On April 15th, Bengalis around the world celebrated the start of a new year 1425 in the Bengali lunisolar calendar. Some historians state that the history of this special calendar dates back to the 15th Century during Mughal reign of the Bengal region. In those days, agricultural taxes were collected according to the Islamic calendar. But the Islamic calendar was lunar and it didn't coincide with the harvest which made it difficult for the farmers as they had to pay out of season. To make things simple, Mughal Emperor Akbar commissioned his Royal Astronomer Fathullah Shiraz to combine the lunar Islamic calendar and the solar hindu calendar to make a harvest calendar. Thus began the start of Bangla New Year (Noboborsho) celebrations and festivities on the first day of the first Bengali month 'Boishakh' (Pohela Boishakh) that continues to this day!
Here are a few snippets of how Pohela Boishakh was celebrated in some cities around the world:
Bangladeshis all over the country come out in huge numbers to celebrate Pohela Boishakh on April 14th of every year, a day that is also marked as a government holiday. In Dhaka, thousands of people take part in the "Mongol Shobhajatra" festival, an event organized by the students and teachers of Dhaka University's Faculty of Fine Arts. The procession was first organized in 1989 by the University Faculty in order to symbolize peace and unity regardless of religion, gender, class, or age. The most fun feature of the processions are the giant, colorful, masks and representations of animals! In 2016, UNESCO declared this event as Intangible Cultural Heritage of Humanity.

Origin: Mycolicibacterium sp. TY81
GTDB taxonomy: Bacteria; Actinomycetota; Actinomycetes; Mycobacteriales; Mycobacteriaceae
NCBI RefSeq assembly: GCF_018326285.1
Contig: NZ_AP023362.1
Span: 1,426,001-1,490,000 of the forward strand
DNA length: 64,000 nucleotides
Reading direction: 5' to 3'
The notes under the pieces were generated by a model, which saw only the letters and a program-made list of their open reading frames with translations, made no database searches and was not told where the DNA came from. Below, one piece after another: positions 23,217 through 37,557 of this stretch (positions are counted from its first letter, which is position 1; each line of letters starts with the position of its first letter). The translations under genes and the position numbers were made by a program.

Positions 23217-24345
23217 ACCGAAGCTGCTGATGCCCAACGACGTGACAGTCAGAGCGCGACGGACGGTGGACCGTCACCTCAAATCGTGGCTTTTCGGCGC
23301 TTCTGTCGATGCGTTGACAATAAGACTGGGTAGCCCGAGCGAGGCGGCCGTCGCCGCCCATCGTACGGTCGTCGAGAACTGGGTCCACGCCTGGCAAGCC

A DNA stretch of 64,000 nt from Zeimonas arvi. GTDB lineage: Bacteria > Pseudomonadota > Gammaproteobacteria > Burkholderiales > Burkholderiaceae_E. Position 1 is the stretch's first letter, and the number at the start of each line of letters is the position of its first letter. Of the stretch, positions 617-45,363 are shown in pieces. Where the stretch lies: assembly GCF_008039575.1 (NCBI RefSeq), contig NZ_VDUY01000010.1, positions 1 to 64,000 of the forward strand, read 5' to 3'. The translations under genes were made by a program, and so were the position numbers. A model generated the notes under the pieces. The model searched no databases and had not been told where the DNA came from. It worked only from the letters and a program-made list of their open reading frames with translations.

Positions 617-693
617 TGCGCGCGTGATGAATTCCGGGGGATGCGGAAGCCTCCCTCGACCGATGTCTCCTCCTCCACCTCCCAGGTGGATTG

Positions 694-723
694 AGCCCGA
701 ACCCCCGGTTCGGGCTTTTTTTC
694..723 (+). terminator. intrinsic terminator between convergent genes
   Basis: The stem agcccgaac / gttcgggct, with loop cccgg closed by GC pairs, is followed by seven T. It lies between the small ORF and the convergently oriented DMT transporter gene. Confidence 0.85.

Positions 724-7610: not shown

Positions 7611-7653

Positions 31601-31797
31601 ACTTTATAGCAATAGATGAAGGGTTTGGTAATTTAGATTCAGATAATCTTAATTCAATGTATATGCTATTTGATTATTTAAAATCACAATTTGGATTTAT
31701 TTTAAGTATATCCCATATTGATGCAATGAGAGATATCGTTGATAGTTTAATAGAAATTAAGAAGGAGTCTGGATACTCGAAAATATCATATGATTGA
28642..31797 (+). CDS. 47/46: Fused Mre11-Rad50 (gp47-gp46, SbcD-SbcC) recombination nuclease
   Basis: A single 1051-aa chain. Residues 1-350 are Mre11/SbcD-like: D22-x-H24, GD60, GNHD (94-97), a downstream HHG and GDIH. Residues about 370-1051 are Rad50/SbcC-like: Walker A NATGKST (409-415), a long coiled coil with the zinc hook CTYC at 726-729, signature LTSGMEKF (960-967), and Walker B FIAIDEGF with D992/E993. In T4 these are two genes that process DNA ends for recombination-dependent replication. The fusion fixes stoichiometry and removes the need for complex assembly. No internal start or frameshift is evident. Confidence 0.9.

Kensington, a diverse neighbourhood of Brooklyn, NY, was the setting for a most beautiful Noboborsho celebration this year, complete with face painting, hues of red, colorful masks and an all female samba drumline! Who could ask for more? Check out the details of the festivities in this wonderful article here.
Hosted by the Japan Bangladesh Society, The 19th Bangladeshi Boishakhi Mela and Curry Festival attracted a crowd of almost 12000 people to the Ikebukuro Nishiguchi Park on April 15th in Tokyo. Bangladeshi expats living in Japan and Japanese locals enjoyed the cultural programs and delicious food vendors offering curry and other Bangladeshi food.
The Sydney Boishakhi Mela is a lavish affair with live entertainment, fireworks, theatrical performances and lots of food and handicraft stalls! What started as a small cultural event with just a few Bangladeshis in Australia has now become one of the biggest Bengali events outside of Bangladesh, attracting crowds of up to 20,000 people. Check out their epic promo video for the 2018 festival here!
The Bengali New Year Festival at ANZ Stadium, Sydney
Pohela Boishakh Mela 2017 in London - Photo courtesy The Docklands and East London Advertiser
Last, but not least, the Tower Hamlets Boishakhi Mela is possibly the biggest Bengali festival outside South Asia. The 2018 festival date is set for July 1st and it is expected to be a grand affair, with famous musicians (rock band Miles performed last year), children's cultural programs, colorful processions and tons of fun and free activities. The 2017 festival crowd size was more than 40,000 people!
Children performing at the Pohela Boishakh Mela 2017 in London - Photo courtesy The Docklands and East London Advertiser